WHEN the Reduta, home of the Slovak Philharmonic (SF), reopened in January 2012 after a major reconstruction, the SF revealed that its new pipe organ was not yet ready. Now the organ is set to fill the hall with music after making its debut on May 20.
When it was determined in 2009 that the old organ was outdated and inadequate for the reconstructed concert hall, the Rieger-Orgelbau company was selected to construct a completely new instrument.
The organ has 66 registers and 3 manuals, making it one of the largest pipe organs in the country. Its construction was based on traditional organ-making techniques and its electronic memory enables 66,500 possible musical combinations.
Works chosen for the inaugural concert were by Bach, Liszt and Mussorgsky, Slovaks Ján Levoslav Bella and Ľudovít Rajter, Charles-Marie Widor and Olivier Messiaen, and were performed by Imrich Szabó, Zuzana Ferjenčíková, Bernadetta Šuňavská, Ján Vladimír Michalko, Monika Melcová, and Ferdinand Klinda on the organ.
The reconstructed Reduta has space not only for concerts but also for literary events, small theatre performances and poetry readings. The renovation of the building was co-financed by Norway and EEA Grants at a cost of nearly €2 million. The recently-opened courtyard was named after Norwegian writer Bjornstjerne Bjornson who at the beginning of the 20th century defended the rights of Slovaks within the Austro-Hungarian Empire. A bust of Bjornson by Slovak sculptor Viťo Bojňanský is displayed in the courtyard.
Trine Skymoen, the Norwegian Ambassador to Slovakia, participated in the courtyard’s opening, together with Gry Larsen, the state secretary of the Norwegian Foreign Ministry, contemporary Norwegian writer Edvard Hoem and other guests. During the ceremony the works of Norwegian composer Edvard Grieg were played by the Slovak Chamber Orchestra of Boh-dan Warchal. The courtyard, which had formerly been used for parking, has been covered with a roof and will now serve as a stage for summer productions as well as smaller performances during the rest of the year.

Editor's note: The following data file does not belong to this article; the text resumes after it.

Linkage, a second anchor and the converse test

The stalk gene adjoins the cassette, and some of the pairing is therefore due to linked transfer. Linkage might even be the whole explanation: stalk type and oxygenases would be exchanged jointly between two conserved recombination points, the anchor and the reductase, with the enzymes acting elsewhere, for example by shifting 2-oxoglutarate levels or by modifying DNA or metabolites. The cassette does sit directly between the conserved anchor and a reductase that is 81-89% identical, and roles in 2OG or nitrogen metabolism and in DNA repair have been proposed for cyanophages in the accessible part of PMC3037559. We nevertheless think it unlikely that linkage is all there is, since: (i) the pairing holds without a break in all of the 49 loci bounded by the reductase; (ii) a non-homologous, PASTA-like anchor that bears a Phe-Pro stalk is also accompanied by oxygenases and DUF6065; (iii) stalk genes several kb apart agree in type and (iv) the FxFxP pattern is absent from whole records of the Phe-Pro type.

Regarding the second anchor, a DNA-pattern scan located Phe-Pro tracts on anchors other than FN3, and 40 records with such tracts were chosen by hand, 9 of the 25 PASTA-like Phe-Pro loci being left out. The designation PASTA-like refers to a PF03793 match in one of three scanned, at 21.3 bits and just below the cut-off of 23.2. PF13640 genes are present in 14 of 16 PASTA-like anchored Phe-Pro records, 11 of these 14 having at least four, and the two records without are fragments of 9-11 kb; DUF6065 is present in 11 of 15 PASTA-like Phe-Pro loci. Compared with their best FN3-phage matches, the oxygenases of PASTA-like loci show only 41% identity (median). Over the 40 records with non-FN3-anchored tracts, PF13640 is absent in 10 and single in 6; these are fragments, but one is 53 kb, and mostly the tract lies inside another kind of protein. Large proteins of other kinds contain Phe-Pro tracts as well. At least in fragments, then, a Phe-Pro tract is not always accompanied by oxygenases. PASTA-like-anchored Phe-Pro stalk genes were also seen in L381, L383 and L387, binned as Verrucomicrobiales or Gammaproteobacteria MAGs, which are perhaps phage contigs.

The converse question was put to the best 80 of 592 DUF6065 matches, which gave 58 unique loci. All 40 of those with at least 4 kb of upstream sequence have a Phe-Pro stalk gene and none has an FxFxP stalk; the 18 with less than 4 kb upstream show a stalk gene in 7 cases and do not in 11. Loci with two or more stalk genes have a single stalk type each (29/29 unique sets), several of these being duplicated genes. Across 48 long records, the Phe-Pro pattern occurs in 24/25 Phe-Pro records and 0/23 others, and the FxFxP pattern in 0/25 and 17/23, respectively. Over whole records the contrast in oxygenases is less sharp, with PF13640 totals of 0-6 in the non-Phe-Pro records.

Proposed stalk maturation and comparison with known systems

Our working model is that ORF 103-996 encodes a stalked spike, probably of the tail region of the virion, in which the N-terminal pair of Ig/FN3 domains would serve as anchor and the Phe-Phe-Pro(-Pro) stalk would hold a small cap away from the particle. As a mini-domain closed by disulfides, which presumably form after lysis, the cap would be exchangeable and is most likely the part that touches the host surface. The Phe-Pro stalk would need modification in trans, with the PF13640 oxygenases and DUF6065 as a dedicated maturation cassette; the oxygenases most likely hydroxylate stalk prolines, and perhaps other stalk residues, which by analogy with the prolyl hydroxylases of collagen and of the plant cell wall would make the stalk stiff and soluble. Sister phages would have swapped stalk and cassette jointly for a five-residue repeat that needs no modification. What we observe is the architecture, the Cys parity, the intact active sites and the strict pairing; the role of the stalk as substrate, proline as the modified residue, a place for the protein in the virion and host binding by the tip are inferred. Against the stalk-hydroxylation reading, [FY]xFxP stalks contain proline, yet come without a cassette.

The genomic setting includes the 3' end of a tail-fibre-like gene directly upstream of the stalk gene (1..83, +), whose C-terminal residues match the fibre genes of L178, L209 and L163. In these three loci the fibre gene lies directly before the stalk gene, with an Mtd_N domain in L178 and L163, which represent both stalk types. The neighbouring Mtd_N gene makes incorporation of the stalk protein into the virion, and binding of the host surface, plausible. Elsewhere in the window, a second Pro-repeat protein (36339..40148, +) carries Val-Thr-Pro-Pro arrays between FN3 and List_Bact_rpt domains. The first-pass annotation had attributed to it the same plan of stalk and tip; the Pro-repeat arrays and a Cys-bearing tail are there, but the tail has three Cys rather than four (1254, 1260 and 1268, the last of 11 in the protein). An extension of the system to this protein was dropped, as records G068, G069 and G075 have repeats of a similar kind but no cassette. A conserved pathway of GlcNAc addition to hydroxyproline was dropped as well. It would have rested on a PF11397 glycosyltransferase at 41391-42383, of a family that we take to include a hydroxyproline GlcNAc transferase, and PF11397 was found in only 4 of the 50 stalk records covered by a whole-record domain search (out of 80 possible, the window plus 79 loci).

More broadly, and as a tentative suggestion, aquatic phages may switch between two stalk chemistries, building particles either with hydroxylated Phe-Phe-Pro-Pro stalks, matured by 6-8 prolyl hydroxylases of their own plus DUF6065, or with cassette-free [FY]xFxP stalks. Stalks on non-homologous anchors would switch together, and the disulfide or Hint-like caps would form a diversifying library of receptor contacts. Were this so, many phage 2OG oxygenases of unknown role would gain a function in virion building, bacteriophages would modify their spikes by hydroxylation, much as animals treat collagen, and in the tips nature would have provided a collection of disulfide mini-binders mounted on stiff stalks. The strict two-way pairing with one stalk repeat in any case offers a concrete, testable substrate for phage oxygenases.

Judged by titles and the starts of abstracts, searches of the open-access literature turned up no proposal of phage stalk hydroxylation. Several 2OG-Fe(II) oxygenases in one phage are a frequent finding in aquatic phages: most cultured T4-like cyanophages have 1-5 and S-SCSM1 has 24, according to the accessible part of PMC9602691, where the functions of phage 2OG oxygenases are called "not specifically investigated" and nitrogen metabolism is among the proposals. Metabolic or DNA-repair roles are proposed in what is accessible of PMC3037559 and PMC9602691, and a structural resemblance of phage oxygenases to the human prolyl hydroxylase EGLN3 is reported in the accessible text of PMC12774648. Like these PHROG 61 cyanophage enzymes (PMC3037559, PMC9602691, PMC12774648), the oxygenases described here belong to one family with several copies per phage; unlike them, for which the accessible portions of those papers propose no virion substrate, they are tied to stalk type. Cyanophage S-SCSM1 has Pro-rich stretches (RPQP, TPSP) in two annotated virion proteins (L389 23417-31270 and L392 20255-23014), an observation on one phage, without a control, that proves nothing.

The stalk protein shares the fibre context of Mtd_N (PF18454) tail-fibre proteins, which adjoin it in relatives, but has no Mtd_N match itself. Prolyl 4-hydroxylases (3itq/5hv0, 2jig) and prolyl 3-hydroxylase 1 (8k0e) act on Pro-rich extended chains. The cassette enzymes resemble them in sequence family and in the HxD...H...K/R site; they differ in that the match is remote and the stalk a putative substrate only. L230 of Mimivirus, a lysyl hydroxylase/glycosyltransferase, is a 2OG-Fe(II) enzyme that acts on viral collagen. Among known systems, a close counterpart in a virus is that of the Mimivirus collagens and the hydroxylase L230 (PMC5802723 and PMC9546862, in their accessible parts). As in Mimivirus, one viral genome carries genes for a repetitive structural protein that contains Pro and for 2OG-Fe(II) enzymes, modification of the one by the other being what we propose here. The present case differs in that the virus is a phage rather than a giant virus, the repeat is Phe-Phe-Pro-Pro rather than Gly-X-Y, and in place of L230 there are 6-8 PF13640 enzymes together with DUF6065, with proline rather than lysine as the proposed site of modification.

The Reduta building dates back to the beginning of the 20th century and was designed to resemble a similar building in Vienna with the same name. Over the decades it suffered from the effects of the weather, vibration caused by passing trams and a shoddy earlier reconstruction. The latest rebuild was made necessary due to the lamentable state of the building.
According to the companies involved in this reconstruction the building is now closer to its original design than the original builders were able to manage, hampered as they were by financial limits imposed by the onset of World War I.
When the Reduta was closed at short notice in April 2009 because of its poor structural condition, the Philharmonic moved across the square, performing in the historical building of the Slovak National Theatre for almost three years while the building was thoroughly renovated.